You’re officially broken up, and your ex wants to be friends. Or maybe you’re the one requesting friendship. Either way, the idea of not having your significant other in your life feels impossible. You can hardly remember life before them. And, why shouldn’t you be able to be friends with your ex? You’ve loved each other, or you used to anyway. You have loads of memories only they share. They were the most important person in your life. Why shouldn’t you be able to keep each other around?
There’s a chance, somewhere down the road, you and your ex may be able to have a normal functioning friendship. But for now, in this fresh, post-breakup state you’re in, trying to be friends will likely demolish any chance you have down the road.
Here are 10 Reasons Why You SHOULD NOT be
Friends with Your Ex:
1. One or both of you is unwilling to let go.
You’re hoping friendship might keep you from having to experience the void of not having them in your life. In other words, it’s a play to keep you from feeling the loss and healing the pain of losing them. Trying to avoid your grieving process isn’t going to help anyone. Especially not if you’d like to break the cycle of shitty relationships. You need space and time to heal properly.
2. You Need Time to Redefine Who You are Without Your Ex.
Give yourself a chance to break the old habits of being a couple. You were the biggest part of each other's lives. You likely were the main source of entertainment for the other. You were used to coming home to them after long days at work. You went and did things together that you’re now faced with doing alone. I know how scary this can be, but if you want to become a stronger version of yourself through this process, you’ve got to go through this.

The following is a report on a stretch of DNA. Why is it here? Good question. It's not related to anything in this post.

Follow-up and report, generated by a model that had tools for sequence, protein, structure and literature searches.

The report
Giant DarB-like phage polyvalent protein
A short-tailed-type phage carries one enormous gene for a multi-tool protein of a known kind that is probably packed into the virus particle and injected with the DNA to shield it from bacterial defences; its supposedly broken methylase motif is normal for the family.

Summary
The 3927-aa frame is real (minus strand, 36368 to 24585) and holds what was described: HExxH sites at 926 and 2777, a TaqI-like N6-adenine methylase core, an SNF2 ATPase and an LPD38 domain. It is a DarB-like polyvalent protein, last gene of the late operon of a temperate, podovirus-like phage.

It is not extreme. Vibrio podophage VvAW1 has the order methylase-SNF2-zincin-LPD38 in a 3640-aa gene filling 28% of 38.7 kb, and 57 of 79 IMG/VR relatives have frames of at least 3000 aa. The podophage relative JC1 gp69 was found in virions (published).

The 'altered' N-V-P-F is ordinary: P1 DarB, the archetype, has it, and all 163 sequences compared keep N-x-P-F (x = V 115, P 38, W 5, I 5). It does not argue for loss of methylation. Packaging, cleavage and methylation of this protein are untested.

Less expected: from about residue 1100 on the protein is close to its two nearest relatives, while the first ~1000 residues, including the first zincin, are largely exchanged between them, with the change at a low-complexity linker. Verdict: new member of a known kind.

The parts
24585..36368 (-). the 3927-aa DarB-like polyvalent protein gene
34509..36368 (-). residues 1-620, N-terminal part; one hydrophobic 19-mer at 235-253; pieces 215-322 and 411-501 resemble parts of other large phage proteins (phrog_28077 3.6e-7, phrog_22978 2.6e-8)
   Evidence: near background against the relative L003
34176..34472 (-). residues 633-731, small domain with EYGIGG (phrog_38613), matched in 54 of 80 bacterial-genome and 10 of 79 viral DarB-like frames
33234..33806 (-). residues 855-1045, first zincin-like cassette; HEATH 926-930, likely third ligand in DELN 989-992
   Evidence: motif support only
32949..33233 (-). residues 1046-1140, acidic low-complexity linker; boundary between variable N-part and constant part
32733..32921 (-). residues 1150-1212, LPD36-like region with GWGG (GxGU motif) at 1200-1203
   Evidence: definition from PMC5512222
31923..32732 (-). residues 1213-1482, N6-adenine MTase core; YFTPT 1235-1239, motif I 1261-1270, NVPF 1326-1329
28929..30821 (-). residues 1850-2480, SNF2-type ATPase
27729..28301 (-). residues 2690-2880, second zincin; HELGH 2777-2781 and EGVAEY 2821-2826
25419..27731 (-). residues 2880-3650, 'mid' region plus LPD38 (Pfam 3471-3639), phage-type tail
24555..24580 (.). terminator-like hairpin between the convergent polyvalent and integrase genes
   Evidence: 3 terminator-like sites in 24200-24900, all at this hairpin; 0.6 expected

3. There are Reasons you Broke up
If your ex wasn’t healthy for you as a significant other, ask yourself why they’re healthy for you as a friend. If they hurt you or treated you poorly, does it make them friend material?
4. “friends with benefits” is a Myth and Recipe for Disaster.
If you think you can go out and hang with your ex, have a good time like normal friends, share a few drinks, and not eventually end up back in bed, you’re fooling yourself. That is an emotional minefield. Don’t put yourself in a position to end up back in bed with your ex.
5. One of You is Hoping You’ll Eventually Get Back Together.
It is highly likely that one of you will continue secretly hoping to get back together. That isn’t friendship. It’s unhealthy and will prolong your suffering.
6. You’ll Hold Each Other to Different Standards.
Inevitably, someone’s feelings are bound to get hurt. If you’re hanging out with a friend, and they get a text or call while you’re together, you’re likely not feeling anything about the fact that they answer it. But if it were your ex, you immediately start wondering who is contacting them and why. It snowballs into you making up scenarios in your mind about what’s going on, and suddenly you’re pissed off and sad. That's not friendship.
7. It will Make it Difficult to Move on.
When you’re still holding space for your ex, you’re keeping yourself unavailable to meet someone new. Give yourself a chance to find the relationship you deserve, and let your ex go.
8. It will Make the Void You're Feeling Worse.